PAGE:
Supreme Court

New Delhi:

The Supreme Court has given a big decision in the case of an Air Force officer being infected with HIV during blood transfusion. The court has ordered a compensation of Rs 1.54 crore. The Supreme Court held the Indian Air Force and the Indian Army responsible for medical negligence and directed the compensation amount to be paid within six weeks.

In the judgment, the Supreme Court said that it is the duty of the authority to protect the lives of armed forces personnel. All personnel joining the armed forces are expected to be treated with dignity and respect.

In fact, during 'Operation Parakram', the Air Force officer was infected with HIV while transfusion when he fell ill on duty. A bench of Justices S Ravindra Bhat and Arvind Kumar said in its order that the Indian Air Force and the Indian Army were responsible for the medical inconvenience caused to the officer, so he was entitled to a compensation of Rs 15473000,<>,<> due to medical negligence.

The bench said that since individual responsibility cannot be assigned, the Indian Air Force and the Indian Army are held responsible jointly and separately. The Indian Air Force is free to demand half of the compensation amount from the Indian Army. All dues related to disability pension should be disbursed within six weeks.

The Supreme Court in its judgment not only addressed the specific case but also gave important directions to the government, courts and quasi-judicial bodies under the framework of the HIV Act, 2017. Section 34 gives priority to the cases of all persons suffering from AIDS.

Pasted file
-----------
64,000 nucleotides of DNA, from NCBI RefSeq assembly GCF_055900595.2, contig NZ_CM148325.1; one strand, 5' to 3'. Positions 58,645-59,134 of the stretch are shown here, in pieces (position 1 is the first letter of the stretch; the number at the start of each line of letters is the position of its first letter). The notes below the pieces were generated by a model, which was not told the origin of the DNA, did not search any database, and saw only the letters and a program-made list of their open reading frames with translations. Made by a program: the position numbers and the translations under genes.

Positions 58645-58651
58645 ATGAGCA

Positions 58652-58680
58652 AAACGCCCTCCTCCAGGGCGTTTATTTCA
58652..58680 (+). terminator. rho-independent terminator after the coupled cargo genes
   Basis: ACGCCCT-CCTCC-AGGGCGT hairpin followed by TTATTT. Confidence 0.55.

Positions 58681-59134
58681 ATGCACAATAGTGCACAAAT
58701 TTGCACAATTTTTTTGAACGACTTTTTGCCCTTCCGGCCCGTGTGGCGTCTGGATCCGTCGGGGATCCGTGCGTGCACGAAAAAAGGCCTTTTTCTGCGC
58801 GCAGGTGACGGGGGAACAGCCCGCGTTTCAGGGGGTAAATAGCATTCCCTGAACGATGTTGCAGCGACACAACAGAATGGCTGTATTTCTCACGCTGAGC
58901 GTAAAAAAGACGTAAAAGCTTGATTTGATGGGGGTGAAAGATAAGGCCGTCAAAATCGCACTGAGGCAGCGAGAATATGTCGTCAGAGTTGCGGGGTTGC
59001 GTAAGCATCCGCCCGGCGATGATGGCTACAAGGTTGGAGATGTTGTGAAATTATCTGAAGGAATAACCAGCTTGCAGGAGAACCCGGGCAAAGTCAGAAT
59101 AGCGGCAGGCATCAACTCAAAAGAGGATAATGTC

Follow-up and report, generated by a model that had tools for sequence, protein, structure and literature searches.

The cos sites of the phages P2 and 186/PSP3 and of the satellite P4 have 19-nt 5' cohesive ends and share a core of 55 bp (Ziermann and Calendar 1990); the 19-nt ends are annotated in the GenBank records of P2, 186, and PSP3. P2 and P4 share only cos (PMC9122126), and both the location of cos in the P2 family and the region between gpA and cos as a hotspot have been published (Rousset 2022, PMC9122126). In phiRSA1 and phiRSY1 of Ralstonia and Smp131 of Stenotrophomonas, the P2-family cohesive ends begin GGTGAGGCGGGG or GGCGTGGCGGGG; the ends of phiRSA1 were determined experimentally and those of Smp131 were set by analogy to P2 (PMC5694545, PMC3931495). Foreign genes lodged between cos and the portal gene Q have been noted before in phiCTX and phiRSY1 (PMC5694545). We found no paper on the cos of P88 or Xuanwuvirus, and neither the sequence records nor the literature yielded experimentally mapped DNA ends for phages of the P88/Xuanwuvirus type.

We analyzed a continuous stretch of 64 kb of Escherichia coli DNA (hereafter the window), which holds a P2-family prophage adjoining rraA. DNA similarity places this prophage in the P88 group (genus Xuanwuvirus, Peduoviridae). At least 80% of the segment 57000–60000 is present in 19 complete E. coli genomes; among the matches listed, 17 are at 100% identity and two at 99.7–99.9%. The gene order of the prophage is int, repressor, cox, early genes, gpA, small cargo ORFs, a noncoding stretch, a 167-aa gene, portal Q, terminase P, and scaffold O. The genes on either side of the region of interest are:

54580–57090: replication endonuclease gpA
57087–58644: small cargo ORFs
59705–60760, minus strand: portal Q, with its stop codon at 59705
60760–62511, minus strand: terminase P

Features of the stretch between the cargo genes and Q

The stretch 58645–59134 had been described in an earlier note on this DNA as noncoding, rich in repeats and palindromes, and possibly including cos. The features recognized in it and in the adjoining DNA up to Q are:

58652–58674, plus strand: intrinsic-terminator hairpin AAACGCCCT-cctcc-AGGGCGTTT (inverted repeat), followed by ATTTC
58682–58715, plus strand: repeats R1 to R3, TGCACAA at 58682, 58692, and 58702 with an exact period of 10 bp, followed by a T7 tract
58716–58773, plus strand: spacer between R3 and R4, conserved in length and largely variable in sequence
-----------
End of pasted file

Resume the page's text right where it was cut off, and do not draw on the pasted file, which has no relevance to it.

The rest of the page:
The bench was hearing an appeal against the decision of the National Consumer Disputes Redressal Commission (NCDRC). The NCDRC had rejected the compensation claim made by the appellant due to medical negligence on the part of the respondent.

In Jammu and Kashmir, the appellant officer fell ill while on duty under 'Operation Parakram' and was admitted to 2002 Military Hospital, Samba in July 171, where one unit of blood was given to his body during treatment. In 2014, he fell ill again, when it was discovered that he was suffering from HIV. He sought information about the personal incident report of hospitalisation during July 2002. They were provided with medical case sheets.

Subsequently, medical boards were constituted in 2014 and 2015. The board found that he contracted HIV in July 2002 due to a one-unit blood transfusion. After this, the officer was dismissed from service on May 31, 2016, rejecting the extension of service.

The appellant also made an application for supply of disability certificate, which was rejected on the ground that there was no provision for it. Aggrieved by this, he approached the NCDRC claiming a compensation of Rs 95 crore, but his demand was rejected.

The retired Air Force officer had approached the Supreme Court against this decision. In the judgment, the Supreme Court also emphasised the importance of maintaining the dignity and well-being of armed forces personnel. "People join the armed forces with a lot of enthusiasm and a sense of patriotism. It also involves a conscious decision to put your life at stake and be prepared for the sacrifice of your life.

All state authorities, including those in the armed forces, have a common duty to maintain the highest standards of safety, including physical and mental well-being. This is necessary for the employer not only to ensure the morale of the forces, but also to show how important such personnel are and how much their lives matter.

Any violation of these standards not only brings a lack of confidence in the personnel but also weakens their morale. At the same time, it creates a feeling of bitterness and frustration in the entire force.